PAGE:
29 August. Day 30 – I’m halfway through!  And more or less on target.

Finished The Gustav Sonata, which is wonderful.  I can’t say too much – except to urge everyone to read it – but this quote, which comes towards the end, gives nothing away of the plot:

We have to become the people we always should have been.

The novel shows us, subtly and movingly, all the ways in which we fail to be the people we should be, fail or are prevented, by our own flaws or by circumstances or by other people.  And gives us along the way some hope.

The Farm  is compelling stuff.  The question the reader is asked from the first page onwards, is who to believe.  Now, for me, this is complicated because we are hearing the voice of a woman whose husband has tried to have her committed, a woman with a disturbing story to tell and who people seem to be trying to silence.  I’m programmed to believe her, given the tragic history of women who have been silenced, or who people have attempted to silence, using claims that they are ‘mad’, gaslighting techniques.  But maybe it’s not that straightforward – if one transposed elements of that narrative to a male voice I would be much more likely to read it as evidence of paranoid delusion.

Started Julian Barnes’ Levels of Life, in which he ‘discusses ballooning, photography, love and grief; about putting two things and two people together, and about tearing them apart.’

barnes quote

30 August. Day 31 – I must admit that I went for the Barnes because it was the shortest book within arms’ reach.  I’d read his A History of the World in 10½ Chapters, which I enjoyed rather than loved, and so I wasn’t eager for this one in the way that I have been to read something new by an author that I’d really fallen for already.  But I’m so glad I read this, and I will read it again, and again, I think.  It’s about the death of Barnes’ wife, the literary agent Pat Kavanagh, and it’s beautiful and quietly devastating.

barnes

The Farm was excellent.  A story about stories, and about secrets.  Read it and be repeatedly wrongfooted, as one narrative is undermined and another established, until in turn that too is shown to be unreliable…

Just started David Grann’s Killers of the Flower Moon, a historical investigation into the systematic murder of Osage Native Americans in Oklahoma.  Kate Atkinson called it ‘a fiercely entertaining mystery story and a wrenching exploration of evil’.

grann 2

31 August. Day 32 – just started reading Caitlin Moran’s Moranifesto – ideal to read at night when I’m getting tired and concentration dips.  V v v funny as always, whilst being clear-sighted and righteous.

Moran

More laughs are promised in The Rosie Project.  Now, the words ‘romantic’ and ‘heartwarming’ are usually guaranteed turn-offs for me but the reviews make this one sound worth pursuing, and so many of my other reads have been dark and/or sad.

Simison

1 September. Day 33 – Enjoying The Rosie Project.  The protagonist has a touch of the Sheldon Coopers, it must be said.  It’s odd that, having spent so many years working with physicists and mathematicians, I have met so few full-on Sheldons in real life.  Most of those I have worked with have had bags of humour, self awareness and social skills, not to mention creativity (a remarkable number of musicians, artists, writers).  Nonetheless, Don (the protagonist and narrator) is engaging and the interactions with the decidedly unsuitable Rosie are delightfully funny.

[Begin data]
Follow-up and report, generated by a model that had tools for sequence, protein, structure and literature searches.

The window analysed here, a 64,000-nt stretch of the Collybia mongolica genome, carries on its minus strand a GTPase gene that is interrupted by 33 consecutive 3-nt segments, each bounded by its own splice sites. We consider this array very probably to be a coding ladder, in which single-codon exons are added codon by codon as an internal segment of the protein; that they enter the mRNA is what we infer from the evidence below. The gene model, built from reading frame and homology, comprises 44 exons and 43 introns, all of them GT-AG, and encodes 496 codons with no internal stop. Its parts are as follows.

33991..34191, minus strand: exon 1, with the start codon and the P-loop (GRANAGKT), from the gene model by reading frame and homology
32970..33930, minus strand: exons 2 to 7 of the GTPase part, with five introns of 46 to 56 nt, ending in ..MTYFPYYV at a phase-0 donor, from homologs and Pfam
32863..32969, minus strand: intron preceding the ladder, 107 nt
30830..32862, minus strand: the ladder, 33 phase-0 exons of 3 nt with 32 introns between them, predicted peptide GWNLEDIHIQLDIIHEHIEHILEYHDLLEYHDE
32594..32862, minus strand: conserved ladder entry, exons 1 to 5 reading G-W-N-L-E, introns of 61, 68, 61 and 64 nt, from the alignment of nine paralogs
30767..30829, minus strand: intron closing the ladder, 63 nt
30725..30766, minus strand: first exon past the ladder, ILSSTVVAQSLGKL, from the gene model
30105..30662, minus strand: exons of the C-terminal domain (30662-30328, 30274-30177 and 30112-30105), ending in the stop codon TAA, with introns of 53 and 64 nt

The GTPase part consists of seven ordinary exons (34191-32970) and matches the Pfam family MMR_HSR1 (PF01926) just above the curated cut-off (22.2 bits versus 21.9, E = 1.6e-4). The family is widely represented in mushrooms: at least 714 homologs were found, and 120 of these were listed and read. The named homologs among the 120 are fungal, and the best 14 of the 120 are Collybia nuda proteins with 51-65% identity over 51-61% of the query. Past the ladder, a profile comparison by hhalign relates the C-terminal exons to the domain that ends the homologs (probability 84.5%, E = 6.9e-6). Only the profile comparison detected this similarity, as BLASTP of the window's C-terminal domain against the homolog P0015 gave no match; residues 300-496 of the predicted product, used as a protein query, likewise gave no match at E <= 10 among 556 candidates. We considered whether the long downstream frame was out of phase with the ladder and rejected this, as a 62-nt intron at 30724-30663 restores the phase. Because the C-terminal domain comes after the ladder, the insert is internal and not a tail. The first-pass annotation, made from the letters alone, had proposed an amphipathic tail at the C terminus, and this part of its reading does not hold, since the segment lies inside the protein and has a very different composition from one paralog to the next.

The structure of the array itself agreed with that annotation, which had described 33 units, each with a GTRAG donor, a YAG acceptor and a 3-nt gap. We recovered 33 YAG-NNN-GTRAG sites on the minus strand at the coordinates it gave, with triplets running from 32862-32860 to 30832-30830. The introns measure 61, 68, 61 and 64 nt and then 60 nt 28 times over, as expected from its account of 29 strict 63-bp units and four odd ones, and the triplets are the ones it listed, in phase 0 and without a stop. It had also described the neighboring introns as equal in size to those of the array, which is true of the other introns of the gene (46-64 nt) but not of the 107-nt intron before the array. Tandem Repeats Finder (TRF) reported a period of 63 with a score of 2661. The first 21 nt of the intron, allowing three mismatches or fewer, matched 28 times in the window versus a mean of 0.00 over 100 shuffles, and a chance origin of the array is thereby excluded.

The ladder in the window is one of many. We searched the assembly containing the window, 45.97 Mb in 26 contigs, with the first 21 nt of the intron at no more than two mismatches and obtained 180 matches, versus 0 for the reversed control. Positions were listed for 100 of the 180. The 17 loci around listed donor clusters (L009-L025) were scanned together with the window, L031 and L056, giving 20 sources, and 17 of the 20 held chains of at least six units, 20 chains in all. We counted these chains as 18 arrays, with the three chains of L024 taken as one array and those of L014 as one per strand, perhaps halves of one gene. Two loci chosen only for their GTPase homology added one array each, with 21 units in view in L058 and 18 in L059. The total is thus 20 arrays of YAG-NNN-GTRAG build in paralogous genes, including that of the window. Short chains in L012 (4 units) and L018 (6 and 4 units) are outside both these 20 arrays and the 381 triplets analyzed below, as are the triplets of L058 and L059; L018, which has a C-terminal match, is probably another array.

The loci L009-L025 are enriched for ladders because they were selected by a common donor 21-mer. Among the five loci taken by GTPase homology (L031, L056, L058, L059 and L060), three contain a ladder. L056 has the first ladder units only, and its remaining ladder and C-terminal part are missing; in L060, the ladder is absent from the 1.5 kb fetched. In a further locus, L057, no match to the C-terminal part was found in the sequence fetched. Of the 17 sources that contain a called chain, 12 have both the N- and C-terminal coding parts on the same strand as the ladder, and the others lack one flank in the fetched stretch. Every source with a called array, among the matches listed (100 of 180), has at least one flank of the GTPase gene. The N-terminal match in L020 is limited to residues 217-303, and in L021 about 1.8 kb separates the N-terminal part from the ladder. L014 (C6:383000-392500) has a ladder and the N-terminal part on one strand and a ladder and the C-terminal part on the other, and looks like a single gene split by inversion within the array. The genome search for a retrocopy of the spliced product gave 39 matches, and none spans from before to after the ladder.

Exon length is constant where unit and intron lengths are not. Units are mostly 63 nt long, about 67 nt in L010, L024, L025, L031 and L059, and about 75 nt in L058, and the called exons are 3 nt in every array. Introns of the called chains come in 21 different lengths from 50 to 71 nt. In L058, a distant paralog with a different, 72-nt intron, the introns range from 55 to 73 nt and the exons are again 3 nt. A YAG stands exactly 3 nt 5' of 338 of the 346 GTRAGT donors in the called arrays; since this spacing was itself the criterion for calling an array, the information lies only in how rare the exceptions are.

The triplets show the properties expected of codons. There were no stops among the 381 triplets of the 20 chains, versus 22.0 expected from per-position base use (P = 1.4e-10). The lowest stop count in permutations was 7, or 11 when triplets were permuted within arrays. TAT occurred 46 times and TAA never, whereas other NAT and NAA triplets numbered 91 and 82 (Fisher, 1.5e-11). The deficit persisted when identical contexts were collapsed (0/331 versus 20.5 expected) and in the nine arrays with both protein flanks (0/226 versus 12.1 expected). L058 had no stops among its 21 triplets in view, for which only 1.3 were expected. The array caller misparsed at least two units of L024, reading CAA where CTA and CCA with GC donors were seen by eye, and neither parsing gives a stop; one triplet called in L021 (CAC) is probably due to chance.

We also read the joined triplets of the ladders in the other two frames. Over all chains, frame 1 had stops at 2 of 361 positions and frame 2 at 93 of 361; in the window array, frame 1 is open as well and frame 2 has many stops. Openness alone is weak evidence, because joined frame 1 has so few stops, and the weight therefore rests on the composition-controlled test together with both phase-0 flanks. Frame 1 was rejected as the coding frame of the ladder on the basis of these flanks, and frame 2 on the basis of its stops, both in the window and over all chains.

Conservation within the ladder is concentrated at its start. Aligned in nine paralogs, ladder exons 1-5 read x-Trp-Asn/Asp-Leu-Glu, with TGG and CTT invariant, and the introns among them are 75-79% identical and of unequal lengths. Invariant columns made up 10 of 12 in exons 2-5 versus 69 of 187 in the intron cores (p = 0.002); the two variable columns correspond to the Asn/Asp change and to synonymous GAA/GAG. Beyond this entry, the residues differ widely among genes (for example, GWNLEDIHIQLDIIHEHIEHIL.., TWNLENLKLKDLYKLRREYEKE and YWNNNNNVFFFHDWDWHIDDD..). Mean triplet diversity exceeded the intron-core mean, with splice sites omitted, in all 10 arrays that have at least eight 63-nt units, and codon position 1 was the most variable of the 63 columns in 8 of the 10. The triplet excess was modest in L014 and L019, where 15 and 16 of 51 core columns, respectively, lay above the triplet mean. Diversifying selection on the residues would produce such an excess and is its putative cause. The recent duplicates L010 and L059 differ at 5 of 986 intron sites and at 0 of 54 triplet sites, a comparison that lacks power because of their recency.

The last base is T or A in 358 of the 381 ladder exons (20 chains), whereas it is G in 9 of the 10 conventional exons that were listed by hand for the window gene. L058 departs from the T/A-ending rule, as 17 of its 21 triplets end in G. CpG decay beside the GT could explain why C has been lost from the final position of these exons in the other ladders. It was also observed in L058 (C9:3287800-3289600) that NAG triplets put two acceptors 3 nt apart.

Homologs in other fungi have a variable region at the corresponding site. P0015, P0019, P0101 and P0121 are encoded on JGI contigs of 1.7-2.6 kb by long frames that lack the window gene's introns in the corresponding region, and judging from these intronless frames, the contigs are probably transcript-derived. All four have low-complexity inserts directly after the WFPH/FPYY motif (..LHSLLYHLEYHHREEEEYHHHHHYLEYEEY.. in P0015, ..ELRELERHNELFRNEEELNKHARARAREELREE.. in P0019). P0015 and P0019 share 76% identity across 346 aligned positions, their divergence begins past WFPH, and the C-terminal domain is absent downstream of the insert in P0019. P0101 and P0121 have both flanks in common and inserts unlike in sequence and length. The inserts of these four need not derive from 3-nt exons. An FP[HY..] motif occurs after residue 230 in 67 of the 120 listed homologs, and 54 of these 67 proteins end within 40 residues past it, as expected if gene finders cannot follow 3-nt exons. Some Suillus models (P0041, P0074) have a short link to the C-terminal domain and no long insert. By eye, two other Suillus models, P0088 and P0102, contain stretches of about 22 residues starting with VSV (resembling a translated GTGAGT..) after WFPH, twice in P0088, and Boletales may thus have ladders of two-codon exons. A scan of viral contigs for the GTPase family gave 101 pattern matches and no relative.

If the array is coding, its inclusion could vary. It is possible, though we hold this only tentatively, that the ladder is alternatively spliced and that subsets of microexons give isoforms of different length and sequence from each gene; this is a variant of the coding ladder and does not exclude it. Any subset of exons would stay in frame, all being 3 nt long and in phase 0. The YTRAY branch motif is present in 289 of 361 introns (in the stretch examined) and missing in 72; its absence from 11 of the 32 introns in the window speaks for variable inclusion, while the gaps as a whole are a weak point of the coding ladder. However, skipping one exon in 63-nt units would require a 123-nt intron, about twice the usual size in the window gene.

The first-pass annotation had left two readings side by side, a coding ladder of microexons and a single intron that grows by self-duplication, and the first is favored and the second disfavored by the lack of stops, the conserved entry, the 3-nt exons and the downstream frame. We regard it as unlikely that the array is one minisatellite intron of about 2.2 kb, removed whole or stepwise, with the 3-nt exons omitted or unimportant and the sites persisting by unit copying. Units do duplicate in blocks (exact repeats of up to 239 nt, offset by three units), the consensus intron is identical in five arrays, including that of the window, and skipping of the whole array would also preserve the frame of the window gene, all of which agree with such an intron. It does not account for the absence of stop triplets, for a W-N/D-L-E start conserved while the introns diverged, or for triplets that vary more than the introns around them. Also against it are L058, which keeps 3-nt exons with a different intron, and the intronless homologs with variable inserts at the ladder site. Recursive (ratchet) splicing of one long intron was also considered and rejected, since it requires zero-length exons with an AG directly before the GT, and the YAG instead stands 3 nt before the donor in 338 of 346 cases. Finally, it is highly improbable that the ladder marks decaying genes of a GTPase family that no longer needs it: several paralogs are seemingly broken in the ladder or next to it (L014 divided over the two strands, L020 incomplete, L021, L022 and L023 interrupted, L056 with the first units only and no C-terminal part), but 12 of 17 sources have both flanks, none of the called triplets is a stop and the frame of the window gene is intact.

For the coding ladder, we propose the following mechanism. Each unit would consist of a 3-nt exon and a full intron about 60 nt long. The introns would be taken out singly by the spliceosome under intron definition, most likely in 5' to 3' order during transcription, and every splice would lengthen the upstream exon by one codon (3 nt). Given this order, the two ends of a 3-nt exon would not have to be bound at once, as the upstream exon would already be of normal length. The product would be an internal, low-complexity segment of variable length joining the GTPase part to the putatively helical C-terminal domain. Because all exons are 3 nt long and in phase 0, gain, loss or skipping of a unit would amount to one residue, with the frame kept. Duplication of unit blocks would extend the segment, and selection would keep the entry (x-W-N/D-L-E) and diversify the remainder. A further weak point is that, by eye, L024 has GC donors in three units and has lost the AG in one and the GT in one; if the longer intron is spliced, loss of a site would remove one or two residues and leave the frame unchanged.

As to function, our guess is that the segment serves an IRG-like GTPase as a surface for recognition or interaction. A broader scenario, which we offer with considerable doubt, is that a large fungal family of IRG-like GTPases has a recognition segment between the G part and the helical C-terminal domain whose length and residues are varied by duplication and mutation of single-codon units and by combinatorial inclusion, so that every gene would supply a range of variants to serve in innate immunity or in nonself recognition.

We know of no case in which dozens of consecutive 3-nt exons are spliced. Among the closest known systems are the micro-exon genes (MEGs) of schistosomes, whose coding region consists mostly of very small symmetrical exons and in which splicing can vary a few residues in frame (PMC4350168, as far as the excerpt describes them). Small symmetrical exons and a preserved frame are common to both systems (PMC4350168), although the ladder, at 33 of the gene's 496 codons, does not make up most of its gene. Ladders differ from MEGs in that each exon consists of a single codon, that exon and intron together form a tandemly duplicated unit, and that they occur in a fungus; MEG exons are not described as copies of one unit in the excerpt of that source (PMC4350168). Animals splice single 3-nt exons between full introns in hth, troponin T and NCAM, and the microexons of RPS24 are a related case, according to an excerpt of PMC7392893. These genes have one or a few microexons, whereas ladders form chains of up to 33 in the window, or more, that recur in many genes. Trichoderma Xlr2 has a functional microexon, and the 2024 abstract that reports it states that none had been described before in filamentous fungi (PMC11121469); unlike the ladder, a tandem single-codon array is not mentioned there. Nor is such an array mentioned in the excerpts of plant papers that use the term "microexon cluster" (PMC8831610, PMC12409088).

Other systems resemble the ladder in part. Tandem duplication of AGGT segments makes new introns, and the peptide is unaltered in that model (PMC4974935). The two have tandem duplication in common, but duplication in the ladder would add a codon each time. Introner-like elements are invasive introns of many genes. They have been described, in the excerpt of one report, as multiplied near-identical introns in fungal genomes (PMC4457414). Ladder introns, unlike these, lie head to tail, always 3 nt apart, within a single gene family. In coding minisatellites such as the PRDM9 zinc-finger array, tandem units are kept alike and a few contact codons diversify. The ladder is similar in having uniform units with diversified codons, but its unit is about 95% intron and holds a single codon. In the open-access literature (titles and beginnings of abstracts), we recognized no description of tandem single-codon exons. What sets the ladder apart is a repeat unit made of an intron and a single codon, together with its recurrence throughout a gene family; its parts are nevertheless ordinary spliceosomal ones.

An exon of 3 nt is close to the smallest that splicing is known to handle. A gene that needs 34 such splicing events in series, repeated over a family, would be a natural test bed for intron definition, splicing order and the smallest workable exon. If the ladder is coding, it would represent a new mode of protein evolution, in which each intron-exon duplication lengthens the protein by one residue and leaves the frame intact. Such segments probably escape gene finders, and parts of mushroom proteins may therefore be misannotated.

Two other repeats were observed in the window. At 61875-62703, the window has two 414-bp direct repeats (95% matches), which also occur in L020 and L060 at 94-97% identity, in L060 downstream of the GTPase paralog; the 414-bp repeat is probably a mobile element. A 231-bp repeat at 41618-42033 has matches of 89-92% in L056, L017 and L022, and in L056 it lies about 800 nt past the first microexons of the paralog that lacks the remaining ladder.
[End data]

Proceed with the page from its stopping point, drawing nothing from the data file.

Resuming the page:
Meantime, Killers of the Flower Moon is as compelling as the best detective novel, and indeed one might be inclined to think the plot a bit overwrought were it not a true story. And a shocking one, even when one is fairly knowledgeable about US history.

2 September. Day 34 – Caitlin Moran in full-on righteous indignation mode is magnificent.   And still extremely funny.  Just been reading her pieces on media treatment of benefits claimants, in the context of Benefits Street, and of the Mick Philpott case.  It might seem incongruous that these pieces originally appeared in The Times, but actually that is absolutely right since her point is that she – as someone who grew up in a family that relied on benefits to get by – is an anomaly in the circles in which she now moves, and in the media to which she now has access, and that most media coverage treats benefits claimants as ‘other’ , whether it is vilifying or pitying them.

3 September. Day 35 – Finished The Rosie Project.  It was delightful – very funny, and touching.  Most of its reviewers were entirely won over but the Daily Telegraph demurred:

For those unaware of Asperger’s syndrome and its foibles, The Rosie Project could serve as a gentle and funny introduction. Those who already understand the condition may object to the moral that mental difference can and must be erased.

Thing is, I don’t think that was the moral.  The moral, surely, was that both parties in a relationship need to accept the other for who they are, quirks and all.  And this was supported by a couple of reviews from knowledgeable sources.  Cees Kan, a Dutch psychiatrist specialising in ADHD and Autism Spectrum Disorders in adulthood, said that:

The great value of this book is its positive message about the possibility of experiencing romantic love despite of autism. Of course it is a challenge to overcome the autistic difficulties, which requires a willingness to think out of the box about how it is still possible to intimately relate to one another. However, I am convinced that it can be done, as I have met many couples that have shown me that they had managed to do so. Patients and their partners often tell me that in treatments too much emphasis is being put on the negative aspects of autism spectrum disorders, while they actually feel more supported and helped by messages which provide them with a positive perspective on their potential possibilities.